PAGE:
With the availability of a Covid-19 vaccine to the general population still months away, millions of office workers across the country continue to work from home, requiring many of us to jockey with roommates, spouses and family members for a workable and comfortable place to get work done.  

The typical workstation in an office was designed to properly accommodate the right sitting position and ergonomics.  At home, however, pieces of furniture have been conscripted to play the role of the office desk: people are working on their couch and coffee table, kitchen counter or card table set up in the basement.

Since these pieces of furniture were not designed with productivity and long-duration sitting in mind, they don’t provide the best way to sit and work.

According to a recent survey, two in five people working from home have reported new or increased pain in their wrist, shoulders or back, likely due to the way they’re sitting.

Employers such as Independent Health have recognized the fact their employees working from home need the right set up and some have arranged discounts at office furniture suppliers or provided stipends to help their employees purchase the equipment or desk chair they need. 

But whether it’s a new chair or second-hand desk, proper ergonomics at home will go a long way to help employee health and productivity.

“As part of its workplace safety program, Independent Health emphasizes workplace ergonomics,” says Shaun Charley, vice president, facilities management. “While ordering a new desk and chair is not necessary, it is helpful to try arrange your chair and desk or table to promote proper ergonomics”.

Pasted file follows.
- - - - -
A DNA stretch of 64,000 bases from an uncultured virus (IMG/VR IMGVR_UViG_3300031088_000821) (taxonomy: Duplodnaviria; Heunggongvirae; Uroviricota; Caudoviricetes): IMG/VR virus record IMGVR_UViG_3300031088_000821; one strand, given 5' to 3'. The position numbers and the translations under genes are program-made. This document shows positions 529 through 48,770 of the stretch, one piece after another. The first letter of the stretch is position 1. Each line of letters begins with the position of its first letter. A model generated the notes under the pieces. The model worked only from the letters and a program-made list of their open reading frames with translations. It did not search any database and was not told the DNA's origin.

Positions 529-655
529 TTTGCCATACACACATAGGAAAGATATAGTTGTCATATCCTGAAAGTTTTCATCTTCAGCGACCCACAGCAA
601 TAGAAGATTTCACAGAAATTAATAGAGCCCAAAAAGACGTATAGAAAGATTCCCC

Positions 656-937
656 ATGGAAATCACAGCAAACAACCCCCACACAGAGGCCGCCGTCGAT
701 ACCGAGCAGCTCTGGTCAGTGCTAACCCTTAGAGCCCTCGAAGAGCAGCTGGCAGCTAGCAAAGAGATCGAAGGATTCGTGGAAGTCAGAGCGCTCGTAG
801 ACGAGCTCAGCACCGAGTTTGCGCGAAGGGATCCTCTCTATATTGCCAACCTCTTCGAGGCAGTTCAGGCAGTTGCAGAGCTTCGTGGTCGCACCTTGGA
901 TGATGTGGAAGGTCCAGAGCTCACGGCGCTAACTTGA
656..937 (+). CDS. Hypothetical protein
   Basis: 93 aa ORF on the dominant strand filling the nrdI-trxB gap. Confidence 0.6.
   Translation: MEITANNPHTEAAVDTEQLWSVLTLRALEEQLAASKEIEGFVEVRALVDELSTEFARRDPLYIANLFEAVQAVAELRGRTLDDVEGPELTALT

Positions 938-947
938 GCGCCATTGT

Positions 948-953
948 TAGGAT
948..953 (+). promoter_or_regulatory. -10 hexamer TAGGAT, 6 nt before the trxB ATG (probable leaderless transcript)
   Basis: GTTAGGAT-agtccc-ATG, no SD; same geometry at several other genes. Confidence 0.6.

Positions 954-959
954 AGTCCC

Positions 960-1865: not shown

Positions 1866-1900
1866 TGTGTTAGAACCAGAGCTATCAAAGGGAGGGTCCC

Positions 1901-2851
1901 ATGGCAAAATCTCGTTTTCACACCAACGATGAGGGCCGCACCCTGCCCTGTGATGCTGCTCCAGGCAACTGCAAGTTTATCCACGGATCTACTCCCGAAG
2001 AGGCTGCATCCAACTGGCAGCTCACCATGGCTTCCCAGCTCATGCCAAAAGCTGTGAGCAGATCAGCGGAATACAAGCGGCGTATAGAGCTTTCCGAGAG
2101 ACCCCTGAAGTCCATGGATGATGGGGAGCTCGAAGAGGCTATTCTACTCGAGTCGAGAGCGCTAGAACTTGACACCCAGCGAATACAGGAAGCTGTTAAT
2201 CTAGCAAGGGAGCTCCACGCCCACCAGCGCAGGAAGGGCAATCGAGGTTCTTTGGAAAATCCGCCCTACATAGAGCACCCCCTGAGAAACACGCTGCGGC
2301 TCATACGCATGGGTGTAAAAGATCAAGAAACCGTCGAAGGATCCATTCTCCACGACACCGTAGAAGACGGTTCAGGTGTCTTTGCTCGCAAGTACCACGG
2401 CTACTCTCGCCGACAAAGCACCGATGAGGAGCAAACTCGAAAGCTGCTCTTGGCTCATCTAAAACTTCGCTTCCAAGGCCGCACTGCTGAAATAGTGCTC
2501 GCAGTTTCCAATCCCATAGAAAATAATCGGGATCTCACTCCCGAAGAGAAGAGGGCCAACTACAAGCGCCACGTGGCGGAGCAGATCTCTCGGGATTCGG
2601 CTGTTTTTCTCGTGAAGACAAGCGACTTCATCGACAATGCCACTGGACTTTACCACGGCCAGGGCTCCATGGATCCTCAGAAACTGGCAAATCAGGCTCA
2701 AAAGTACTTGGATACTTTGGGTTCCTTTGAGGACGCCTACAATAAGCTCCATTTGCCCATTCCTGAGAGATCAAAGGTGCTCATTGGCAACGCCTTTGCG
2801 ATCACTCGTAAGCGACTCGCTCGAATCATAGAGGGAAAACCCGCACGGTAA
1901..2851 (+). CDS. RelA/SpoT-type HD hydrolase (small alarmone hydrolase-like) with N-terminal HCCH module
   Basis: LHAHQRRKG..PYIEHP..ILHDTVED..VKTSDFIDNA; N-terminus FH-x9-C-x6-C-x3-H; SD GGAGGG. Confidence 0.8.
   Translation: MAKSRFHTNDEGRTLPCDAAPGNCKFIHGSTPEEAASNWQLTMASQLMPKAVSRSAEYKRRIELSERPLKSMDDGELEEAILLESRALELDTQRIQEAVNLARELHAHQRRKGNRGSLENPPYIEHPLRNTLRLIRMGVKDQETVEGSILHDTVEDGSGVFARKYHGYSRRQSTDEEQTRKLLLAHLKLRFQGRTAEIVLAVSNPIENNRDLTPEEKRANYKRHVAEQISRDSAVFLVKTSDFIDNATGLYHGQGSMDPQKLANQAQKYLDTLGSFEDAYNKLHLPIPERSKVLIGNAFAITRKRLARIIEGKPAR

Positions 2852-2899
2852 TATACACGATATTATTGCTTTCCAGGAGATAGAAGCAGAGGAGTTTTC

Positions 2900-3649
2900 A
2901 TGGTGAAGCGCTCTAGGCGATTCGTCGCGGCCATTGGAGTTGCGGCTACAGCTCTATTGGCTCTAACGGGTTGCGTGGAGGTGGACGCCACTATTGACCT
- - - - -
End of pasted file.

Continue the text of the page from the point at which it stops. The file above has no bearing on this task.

David Dombrowski, facilities specialist at Independent Health, is the go-to person for the company employees’ in-office ergonomic needs.  With everyone working from home, he can’t provide the same in-person support as he can when people are in the office.

However, Dombrowski has two easy points of advice for people working at home that will help avoid the fatigue and soreness associated with improper home set-ups.

One is finding a table or desk that is at the proper height for you. “The typical office desk height is usually 28 to 30 inches from the floor, so chances are your kitchen table is too high,” he said. “Try to use a desk or table that’s at a height to keep your wrists flat and straight”.

Taller people should use a higher desk or table, and shorter people should use a shorter desk or table.

The other easy fix is the height of your monitor, especially for someone who wears reading glasses or bifocals. Use a desk or workspace that allows you to place your monitor at or below eye level.

“If you wear bifocals, put your monitor lower so you’re looking down through your bifocals,” he said. “This will avoid head and neck pain.” 

Five other tips for better ergonomics at work and at home include the following:

  • Center your monitor and keyboard in front of you. Try to eliminate any glare on the screen in order to minimize eye strain.
  • Put your documents in line with the keyboard and monitor
  • Your arms and elbows should be close to your body and supported.
  • Change posture often; get up and take frequent short breaks (every 30 minutes or so). 
  • Work in a reclined position with your feet flat on the floor.  Sitting on a higher stool with your feet dangling puts strain on your hips and lower back.